Saturday, April 03, 2010

Happiness Lost

I've never watched a single episode of ABC's Lost. But I have still managed to accumulate some knowledge of the show over the last five years. Beyond the general premise that a bunch of people are stranded on an island after a plane crash, I'm aware that there are a bunch of numbers that need to be punched in on something, I know that there is some kind of hatch, I know that there is a guy named John Locke (and there is another guy named after another philosopher, but he might be dead). I know there was a guy named Desmond, but he might be dead now. But then again I think there were dead people who are now alive. I know there is a mysterious group of "others" who live on the island. And I'm aware that the characters often have visions or hallucinations that reveal that they were connected even before the plane crash. And there was once a polar bear on the island, I think.

The reason I know these things is because fans of the show are unafraid to discuss plot points with each other in public, or on-line, such as in facebook status updates. Why do people who watch Lost talk to each other about Lost? There can be only one reason-- it must make them happy to do so. But what is inherently pleasing about talking about a show that from all outward appearances is patently ridiculous?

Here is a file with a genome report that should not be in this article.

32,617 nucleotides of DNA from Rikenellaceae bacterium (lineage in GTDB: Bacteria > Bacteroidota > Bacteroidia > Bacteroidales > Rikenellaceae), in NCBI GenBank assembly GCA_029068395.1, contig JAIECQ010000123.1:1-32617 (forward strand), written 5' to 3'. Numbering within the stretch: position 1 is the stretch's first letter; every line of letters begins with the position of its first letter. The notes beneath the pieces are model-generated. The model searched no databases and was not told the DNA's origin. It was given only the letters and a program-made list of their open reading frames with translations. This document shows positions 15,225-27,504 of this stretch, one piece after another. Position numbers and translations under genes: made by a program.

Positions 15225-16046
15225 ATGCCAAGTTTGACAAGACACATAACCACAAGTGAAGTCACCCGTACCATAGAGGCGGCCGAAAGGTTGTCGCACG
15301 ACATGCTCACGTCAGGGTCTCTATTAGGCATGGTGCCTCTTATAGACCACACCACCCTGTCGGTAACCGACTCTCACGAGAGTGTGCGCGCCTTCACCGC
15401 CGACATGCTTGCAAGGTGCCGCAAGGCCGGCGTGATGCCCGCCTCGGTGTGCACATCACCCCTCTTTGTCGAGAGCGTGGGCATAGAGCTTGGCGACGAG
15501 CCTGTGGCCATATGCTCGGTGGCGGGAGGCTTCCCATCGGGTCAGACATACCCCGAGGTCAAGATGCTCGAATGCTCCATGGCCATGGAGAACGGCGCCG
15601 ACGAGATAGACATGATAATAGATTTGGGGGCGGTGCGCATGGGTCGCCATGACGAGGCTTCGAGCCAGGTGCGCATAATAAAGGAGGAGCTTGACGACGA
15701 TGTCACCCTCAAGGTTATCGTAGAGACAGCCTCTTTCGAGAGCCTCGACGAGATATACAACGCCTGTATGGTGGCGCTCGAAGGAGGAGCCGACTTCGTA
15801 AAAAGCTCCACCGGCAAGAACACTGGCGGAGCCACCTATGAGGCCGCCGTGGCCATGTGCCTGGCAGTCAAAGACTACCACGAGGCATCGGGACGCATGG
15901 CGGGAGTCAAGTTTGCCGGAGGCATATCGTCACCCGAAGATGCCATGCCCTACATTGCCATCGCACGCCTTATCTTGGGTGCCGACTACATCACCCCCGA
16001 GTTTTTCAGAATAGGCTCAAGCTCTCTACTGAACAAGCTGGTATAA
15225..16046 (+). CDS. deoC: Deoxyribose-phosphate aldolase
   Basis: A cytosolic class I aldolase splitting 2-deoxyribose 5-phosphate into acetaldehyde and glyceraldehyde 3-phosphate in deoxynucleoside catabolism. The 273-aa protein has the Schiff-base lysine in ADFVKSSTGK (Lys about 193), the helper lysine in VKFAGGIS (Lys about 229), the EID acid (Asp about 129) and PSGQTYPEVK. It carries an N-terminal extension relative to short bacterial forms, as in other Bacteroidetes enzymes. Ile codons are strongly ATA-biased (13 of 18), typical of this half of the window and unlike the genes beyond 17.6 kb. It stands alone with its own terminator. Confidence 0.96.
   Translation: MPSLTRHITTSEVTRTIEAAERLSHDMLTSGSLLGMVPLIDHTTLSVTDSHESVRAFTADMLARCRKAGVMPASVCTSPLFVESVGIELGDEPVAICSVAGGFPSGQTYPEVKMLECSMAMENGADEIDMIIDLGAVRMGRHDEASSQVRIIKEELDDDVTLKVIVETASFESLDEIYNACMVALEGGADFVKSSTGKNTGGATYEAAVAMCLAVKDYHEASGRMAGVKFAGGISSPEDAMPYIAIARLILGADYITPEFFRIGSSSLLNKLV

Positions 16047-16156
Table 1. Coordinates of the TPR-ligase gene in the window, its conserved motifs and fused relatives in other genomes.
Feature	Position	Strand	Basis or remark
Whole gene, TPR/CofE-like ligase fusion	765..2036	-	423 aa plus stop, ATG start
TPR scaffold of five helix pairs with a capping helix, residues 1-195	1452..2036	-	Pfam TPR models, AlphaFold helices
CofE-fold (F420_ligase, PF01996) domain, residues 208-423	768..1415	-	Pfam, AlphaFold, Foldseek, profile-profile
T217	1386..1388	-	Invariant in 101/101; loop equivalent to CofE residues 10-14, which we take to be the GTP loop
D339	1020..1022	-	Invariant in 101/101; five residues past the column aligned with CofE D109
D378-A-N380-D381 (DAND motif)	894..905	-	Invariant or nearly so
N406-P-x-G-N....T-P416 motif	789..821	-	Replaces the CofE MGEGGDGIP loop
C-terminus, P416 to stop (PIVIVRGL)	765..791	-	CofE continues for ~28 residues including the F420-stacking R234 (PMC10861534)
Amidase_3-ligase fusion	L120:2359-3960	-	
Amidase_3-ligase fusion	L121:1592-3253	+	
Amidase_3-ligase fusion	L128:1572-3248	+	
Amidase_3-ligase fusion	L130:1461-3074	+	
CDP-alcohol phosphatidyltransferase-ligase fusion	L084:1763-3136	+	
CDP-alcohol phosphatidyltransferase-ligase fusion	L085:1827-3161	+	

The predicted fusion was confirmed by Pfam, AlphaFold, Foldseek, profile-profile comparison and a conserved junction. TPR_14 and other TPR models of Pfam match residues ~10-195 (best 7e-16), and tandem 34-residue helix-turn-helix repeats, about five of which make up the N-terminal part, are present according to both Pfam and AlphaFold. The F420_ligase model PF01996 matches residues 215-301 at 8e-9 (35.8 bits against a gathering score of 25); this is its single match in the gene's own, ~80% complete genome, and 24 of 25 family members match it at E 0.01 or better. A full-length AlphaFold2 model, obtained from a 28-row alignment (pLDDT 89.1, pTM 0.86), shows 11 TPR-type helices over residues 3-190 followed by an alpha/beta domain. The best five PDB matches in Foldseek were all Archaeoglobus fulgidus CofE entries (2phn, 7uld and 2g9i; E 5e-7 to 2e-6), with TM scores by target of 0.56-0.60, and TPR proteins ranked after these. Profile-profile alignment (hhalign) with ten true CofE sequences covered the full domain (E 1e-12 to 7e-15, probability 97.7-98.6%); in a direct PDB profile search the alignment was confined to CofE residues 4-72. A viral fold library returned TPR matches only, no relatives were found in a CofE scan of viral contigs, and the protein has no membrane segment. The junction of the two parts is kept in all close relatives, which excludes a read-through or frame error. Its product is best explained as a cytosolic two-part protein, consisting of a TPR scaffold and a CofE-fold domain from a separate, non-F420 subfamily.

According to this New York Times article, the answer may be found in a recent study, (which I found to be so interesting that I feel it justifies my use of the annoying term "recent study"). The study's conclusion: the more you engage in "small talk," the less happy you are, and the more that you have "deep discussion" the happier you become. The author of the study (Matthias Mehl) offers an explanatory theory: “By engaging in meaningful conversations, we manage to impose meaning on an otherwise pretty chaotic world.”

The world of Lost is, from all accounts, even more chaotic than our real-life existence. But on a weekly basis, viewers of the show are given just enough fodder to fashion theories that may give structure and meaning to this dreamed-up world. And then to take those theories and engage with the theories of others brings a whole new dimension of pleasure to the interpretive experience. And there is an added benefit to this as well, as further explicated by Dr. Mehl in discussing why deep conversation leads to happiness: "interpersonally, as you find this meaning, you bond with your interactive partner, and we know that interpersonal connection and integration is a core fundamental foundation of happiness.”

But there is of course a difference between a discussion about meaning in Lost and meaning in real life. There are no stakes in our investment in Lost. We have nothing to lose if we are wrong, but nothing to gain if we are right. Therefore, the construction of meaning is its own intrinsic reward. Meanwhile, the conversations we have about meaning in the larger drama we call "real life" are laced with consequences and fraught with peril. We might offend those we engage with. We might end up confronting things we don't want to confront. And we might end up acknowledging realities that once acknowledged, would force us to re-consider our very identities and make us alter behaviors that we are in no hurry to alter. It's much safer to comment on that beautiful weather we've been having. But perhaps it takes more than sunny skies (and commenting on sunny skies) to make us happy. Maybe we need something a little deeper, starting with the acknowledgement that we have some things in common with the passengers of Flight 815.


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